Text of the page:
The early diagnosis of gastric cancer has not as yet been accomplished. Although the incidence of gastric cancer has been found to be over 3 times greater than the expected national incidence if one restricts the group studied to achlorhydric patients over 50 years of age, it is clear that the standard gastrointestinal roentgenogram is capable of detecting these cancers only at a fairly advanced stage in their development. Among the gastric cancer patients treated at the University of Minnesota Hospitals, only 20.8% of 327 patients had a lesion localized to the stomach at the time of surgery.1 That the demonstration of gastric surface carcinoma is possible by exfoliative cytologic methods is made clear by Schade's experience in a large group of asymptomatic patients with negative x-ray and gastroscopic findings.2 In 2,500 Papanicolaou examinations of gastric washings, he found 25 cases of cancer not detected with other diagnostic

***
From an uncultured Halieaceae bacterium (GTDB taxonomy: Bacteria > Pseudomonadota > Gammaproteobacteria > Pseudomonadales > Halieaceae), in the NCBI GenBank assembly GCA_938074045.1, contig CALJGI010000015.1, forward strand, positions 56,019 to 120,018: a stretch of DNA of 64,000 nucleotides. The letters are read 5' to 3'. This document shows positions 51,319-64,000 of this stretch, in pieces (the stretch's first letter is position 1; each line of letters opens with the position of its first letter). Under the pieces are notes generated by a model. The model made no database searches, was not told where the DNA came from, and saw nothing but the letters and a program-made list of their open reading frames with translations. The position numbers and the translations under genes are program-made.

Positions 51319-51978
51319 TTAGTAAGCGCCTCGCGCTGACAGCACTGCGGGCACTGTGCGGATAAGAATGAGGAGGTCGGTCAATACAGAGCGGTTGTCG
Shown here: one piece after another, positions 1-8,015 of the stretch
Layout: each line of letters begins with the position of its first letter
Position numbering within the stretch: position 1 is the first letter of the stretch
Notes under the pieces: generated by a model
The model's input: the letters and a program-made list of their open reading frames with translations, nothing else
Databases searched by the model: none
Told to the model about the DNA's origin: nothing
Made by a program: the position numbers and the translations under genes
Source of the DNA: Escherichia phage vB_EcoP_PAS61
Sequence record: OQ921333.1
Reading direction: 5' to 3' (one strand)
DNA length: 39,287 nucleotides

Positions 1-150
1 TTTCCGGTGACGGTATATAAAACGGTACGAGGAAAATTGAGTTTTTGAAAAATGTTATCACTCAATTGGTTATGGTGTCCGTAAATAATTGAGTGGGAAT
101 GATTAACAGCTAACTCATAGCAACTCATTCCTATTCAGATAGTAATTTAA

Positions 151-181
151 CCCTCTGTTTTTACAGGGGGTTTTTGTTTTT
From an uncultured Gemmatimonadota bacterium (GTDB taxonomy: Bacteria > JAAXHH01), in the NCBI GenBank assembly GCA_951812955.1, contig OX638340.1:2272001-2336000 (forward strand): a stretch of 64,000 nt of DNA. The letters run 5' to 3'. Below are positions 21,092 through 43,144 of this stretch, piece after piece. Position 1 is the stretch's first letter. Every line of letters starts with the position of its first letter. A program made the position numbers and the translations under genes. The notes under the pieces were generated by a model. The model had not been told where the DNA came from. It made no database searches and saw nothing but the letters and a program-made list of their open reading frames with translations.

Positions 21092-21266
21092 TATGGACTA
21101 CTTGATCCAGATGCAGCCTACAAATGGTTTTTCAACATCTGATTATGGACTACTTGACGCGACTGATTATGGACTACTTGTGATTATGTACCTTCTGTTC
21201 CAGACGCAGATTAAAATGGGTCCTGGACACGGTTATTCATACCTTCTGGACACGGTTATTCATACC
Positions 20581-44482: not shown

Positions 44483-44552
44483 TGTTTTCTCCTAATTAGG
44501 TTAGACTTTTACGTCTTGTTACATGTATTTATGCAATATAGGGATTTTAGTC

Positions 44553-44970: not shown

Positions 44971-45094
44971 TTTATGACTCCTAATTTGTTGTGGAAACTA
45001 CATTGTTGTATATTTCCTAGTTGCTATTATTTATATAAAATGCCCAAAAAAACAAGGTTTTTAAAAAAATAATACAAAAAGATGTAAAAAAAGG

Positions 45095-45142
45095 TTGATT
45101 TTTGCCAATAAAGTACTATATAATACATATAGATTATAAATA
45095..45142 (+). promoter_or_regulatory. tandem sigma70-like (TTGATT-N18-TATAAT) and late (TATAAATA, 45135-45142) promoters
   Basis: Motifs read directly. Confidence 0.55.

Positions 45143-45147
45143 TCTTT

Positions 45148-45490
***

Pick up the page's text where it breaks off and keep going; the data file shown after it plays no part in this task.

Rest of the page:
SCHEINER SL, DAVIS RE. Fluorescence Cytologic Screening: An Aid in the Diagnosis of Gastric Cancer. Arch Surg. 1962;85(6):948–954. doi:10.1001/archsurg.1962.01310060084017
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